Soccer Kids and Sports with Allergies

By Adem Lewis / in , , , , , , , , , , , , , , , , , , , , , , , , , /

When your child has allergies, symptoms can
kick in at the worst possible time. Stuffiness and a runny nose can make it difficult to
breathe; itchy, watery eyes make it tough to see; and nighttime symptoms may sap a child
of energy on game day. But with a bit of planning and a few good habits, young athletes with
allergies can be as competitive as the rest. Before the season starts, you may want to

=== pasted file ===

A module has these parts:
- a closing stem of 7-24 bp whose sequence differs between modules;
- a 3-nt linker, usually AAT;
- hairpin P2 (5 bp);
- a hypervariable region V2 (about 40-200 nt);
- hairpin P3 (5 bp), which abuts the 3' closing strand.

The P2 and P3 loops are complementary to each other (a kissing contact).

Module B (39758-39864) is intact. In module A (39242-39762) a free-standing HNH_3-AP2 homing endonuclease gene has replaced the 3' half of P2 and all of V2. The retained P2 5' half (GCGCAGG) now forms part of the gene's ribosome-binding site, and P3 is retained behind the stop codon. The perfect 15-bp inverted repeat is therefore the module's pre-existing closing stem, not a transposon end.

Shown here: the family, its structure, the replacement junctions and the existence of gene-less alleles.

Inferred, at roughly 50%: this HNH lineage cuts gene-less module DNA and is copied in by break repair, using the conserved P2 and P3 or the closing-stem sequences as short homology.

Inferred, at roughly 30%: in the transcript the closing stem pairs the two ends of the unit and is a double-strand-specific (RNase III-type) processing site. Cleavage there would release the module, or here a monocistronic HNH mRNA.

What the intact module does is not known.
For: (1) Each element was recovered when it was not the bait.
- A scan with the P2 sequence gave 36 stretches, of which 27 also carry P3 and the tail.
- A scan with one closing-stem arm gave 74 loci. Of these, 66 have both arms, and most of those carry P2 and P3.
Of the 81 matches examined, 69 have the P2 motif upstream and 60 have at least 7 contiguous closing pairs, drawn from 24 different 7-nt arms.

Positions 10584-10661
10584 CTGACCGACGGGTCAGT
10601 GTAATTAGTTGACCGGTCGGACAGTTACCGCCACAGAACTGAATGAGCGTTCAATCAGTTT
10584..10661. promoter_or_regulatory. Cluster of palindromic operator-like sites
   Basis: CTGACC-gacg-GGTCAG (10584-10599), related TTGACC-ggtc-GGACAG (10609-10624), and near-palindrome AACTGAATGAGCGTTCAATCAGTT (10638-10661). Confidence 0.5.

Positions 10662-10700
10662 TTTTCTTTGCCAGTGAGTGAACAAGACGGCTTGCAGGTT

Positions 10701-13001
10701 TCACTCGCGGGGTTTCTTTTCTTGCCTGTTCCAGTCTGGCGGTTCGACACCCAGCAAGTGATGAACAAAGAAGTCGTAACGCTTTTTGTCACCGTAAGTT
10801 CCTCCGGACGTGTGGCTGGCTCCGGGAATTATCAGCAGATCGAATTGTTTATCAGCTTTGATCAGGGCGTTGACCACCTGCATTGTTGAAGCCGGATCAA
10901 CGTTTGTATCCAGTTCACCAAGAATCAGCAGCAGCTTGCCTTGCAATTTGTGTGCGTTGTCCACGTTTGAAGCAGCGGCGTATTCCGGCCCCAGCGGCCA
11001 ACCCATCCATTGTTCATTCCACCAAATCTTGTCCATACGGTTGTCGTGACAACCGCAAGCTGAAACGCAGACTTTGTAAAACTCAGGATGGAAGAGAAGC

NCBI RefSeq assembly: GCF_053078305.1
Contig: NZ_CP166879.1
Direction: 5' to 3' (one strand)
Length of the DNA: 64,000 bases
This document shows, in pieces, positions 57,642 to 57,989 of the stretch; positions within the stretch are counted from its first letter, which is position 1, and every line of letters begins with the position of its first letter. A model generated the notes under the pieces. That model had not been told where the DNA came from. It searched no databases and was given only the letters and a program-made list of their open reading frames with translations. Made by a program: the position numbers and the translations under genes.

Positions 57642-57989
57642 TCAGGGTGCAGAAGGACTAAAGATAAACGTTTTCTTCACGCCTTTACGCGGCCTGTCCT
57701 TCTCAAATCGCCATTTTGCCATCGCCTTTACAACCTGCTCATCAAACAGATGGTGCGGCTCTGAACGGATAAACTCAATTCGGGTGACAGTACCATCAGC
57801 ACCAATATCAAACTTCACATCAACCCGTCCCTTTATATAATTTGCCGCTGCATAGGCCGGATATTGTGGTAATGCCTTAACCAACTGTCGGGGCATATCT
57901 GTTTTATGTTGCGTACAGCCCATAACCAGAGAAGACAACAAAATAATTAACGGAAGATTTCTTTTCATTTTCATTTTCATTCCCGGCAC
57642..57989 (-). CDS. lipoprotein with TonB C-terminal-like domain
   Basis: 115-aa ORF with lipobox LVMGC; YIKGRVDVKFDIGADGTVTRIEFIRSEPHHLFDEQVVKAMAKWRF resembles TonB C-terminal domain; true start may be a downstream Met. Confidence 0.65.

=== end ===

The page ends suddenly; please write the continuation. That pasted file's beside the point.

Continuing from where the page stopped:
consider having your child tested for specific allergies. Then, your doctor can advise you
about the best way to control them. Also make sure to give the coach a heads up about your
child’s allergies and the management plan. A big part of an allergy management plan is
preventing allergens from tagging along after practice or a game. So, have kids leave cleats
and sport shoes outside, make sure to wash their clothes and towels immediately, have
them shower and wash their hair as soon as possible and give kids their own clean, dry
towel to use in the locker room. Following these tips can help you better manage allergies
so your child can focus on the game. Visit Zyrtec-dot-com for more tips and tools to
manage your child’s allergy symptoms indoors and out.

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